One of the many issues facing regulators in the Clayton Smart debacle was the surrender of thousands of Forethought life insurance policies by a Forest Hill preneed trustee. New light will probably be shed on this issue with revelations that Robert Nelms and Clayton Smart may each have been using the same financial management company: Security Financial Management Company. One needs to consider whether an investment advisor looked at the insurance being held by the preneed trust and boasted ‘we can do better’.

Preneed funeral contracts are generally funded by either insurance or trusts.  Each has its advantages and disadvantages.  However, the respective advantages are generally lost when the preneed trust holds insurance products as investments.  (I will exclude cemetery preneed trusts from this discussion because cemetery merchandise is often delivered prior to the purchaser’s death, thus making life insurance impractical.)

 Insurance gets the nod as the preferable funding vehicle for portability, tax consequence (to the purchaser) and consumer savings (if you’re under the age of 60-something and in relatively good health).  Trust funding gets the nod for universal availability, long-term performance (if the trust has sufficient assets to permit diversified investments) and refund rights (okay, okay, put the state law variations aside for a minute).  However, each type of funding has its unique ‘costs’, and combining them may cost the funeral home and consumer in the long run. 

Trustees were first induced to accept insurance products in the late 1980s when annuities were purchased for trusts that could not comply with the retroactive application of Revenue Ruling 87-127.   Many of these trusts lacked the information required to report income to the purchasers.  As a grantor trust, preneed trusts could hold an annuity and have the contract’s increase be deferred for tax purposes until the contract’s maturity.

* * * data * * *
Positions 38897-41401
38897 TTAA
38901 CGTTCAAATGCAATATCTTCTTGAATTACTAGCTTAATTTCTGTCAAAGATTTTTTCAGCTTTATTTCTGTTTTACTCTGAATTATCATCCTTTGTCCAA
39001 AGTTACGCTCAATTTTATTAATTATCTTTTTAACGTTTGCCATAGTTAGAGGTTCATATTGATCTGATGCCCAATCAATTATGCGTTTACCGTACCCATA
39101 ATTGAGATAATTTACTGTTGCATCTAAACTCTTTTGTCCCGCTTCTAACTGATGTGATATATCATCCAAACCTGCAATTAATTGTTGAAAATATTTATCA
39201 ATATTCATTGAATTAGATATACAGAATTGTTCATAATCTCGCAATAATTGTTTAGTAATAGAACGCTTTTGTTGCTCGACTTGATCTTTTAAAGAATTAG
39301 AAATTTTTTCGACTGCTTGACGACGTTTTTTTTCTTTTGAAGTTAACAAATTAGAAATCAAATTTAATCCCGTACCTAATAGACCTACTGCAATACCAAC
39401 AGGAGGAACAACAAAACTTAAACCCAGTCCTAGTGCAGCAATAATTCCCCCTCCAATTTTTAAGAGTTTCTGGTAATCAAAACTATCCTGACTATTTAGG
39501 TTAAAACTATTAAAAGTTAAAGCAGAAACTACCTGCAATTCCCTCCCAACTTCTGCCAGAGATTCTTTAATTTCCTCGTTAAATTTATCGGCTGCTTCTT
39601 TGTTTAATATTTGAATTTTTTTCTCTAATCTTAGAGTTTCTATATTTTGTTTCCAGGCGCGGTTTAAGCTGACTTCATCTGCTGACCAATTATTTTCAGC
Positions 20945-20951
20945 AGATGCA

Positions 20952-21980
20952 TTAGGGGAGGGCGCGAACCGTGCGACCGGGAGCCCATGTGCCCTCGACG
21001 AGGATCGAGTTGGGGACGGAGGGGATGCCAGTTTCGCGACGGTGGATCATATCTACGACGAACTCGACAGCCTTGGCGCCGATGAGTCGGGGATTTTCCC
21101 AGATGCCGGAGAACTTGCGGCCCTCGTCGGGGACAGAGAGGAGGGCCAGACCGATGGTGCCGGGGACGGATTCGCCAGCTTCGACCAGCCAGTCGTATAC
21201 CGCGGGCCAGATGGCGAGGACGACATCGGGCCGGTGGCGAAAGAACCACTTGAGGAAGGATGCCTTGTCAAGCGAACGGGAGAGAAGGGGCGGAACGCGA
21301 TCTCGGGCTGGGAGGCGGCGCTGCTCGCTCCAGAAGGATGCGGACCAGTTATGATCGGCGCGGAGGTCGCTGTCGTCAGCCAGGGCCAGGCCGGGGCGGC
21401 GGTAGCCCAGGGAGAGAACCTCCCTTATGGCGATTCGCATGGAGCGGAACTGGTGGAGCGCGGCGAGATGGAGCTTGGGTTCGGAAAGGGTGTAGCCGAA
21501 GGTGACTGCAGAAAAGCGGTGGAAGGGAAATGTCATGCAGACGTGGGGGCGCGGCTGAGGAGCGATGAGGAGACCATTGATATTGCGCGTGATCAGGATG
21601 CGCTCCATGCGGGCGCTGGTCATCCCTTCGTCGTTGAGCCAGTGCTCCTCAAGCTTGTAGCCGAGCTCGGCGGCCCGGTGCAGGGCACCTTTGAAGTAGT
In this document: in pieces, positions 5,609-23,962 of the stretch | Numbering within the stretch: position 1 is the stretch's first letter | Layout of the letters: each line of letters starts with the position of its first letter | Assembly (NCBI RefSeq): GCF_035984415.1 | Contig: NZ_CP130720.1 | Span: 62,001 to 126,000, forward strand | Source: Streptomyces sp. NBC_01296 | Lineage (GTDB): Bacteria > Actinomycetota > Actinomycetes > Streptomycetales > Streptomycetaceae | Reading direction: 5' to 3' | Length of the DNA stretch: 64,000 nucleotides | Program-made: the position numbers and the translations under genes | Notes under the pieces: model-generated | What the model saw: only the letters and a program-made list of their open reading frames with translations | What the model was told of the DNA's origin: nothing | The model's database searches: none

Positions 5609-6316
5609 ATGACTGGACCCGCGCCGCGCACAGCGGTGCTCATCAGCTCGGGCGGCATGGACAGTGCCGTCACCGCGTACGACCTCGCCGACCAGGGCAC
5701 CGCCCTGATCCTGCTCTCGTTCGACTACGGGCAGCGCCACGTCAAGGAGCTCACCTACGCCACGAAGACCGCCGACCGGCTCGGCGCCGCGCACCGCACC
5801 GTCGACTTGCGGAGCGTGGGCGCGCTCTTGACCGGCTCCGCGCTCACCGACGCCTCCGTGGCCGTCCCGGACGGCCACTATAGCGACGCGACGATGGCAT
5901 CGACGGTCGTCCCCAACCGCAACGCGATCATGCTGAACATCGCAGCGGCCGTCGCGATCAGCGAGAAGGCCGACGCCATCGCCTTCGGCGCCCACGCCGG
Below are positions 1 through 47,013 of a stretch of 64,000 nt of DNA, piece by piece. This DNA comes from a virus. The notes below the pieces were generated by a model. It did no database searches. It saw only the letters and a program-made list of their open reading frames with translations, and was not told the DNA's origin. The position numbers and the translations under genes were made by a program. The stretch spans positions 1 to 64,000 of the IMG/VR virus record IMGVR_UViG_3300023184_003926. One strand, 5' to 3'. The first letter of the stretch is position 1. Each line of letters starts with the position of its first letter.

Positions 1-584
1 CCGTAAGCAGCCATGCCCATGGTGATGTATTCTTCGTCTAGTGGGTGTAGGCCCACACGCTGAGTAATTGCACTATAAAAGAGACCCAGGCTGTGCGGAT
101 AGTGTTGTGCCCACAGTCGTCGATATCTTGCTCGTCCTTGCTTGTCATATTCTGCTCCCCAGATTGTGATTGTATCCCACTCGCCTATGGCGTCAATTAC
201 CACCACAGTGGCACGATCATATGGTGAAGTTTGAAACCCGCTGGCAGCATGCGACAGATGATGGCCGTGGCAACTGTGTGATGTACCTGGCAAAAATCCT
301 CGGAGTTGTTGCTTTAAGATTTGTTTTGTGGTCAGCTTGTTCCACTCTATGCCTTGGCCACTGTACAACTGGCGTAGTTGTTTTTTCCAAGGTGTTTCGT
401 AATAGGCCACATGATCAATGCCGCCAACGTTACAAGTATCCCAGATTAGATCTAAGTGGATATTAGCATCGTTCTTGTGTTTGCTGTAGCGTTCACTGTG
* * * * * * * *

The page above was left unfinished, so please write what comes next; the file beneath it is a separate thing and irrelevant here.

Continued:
Once the camel’s nose was in the tent, insurance companies began to market life insurance and annuities to death care companies as solutions to lagging trust performance.  Corporate trustees often consign smaller preneed trusts to fixed income investments in a conservative approach to avoid market fluctuations. In this era of relatively low interest rates, insurance products can offer a better return than conservative bonds and government securities. And, there is the temptation of a commission on the conversion of the trust’s assets to insurance. 

However, insurance products represent problems to the corporate trustee.  As demonstrated by Clayton Smart’s short-sighted actions, cashing in life insurance before the purchaser’s death will have a significant adverse impact on the trust’s value.  Cash surrender values on 70-something year old insureds are typically low.   And if the trustee does hold the policy to maturity, how are the insurance proceeds to be taxed?  Annuities simply defer the income aspect of the contract until maturity.  Life insurance proceeds are not taxable to an individual beneficiary, but are those proceeds taxable to the trust?   More than likely, the answer is yes.  The proceeds must generally flow through the trust, thus adding time and cost to the administration. 

Funeral directors need to consider that rolling a preneed trust into insurance is probably a one-way transaction. Once it has been done, it will be a matter of a few years before an investment advisor recommends that its time to cash those policies in. Two wrongs do not make a right.   In many states, it would be difficult to justify a rollover in the first place.  Funeral directors will only compound any error made if they change their minds and cash the policies in.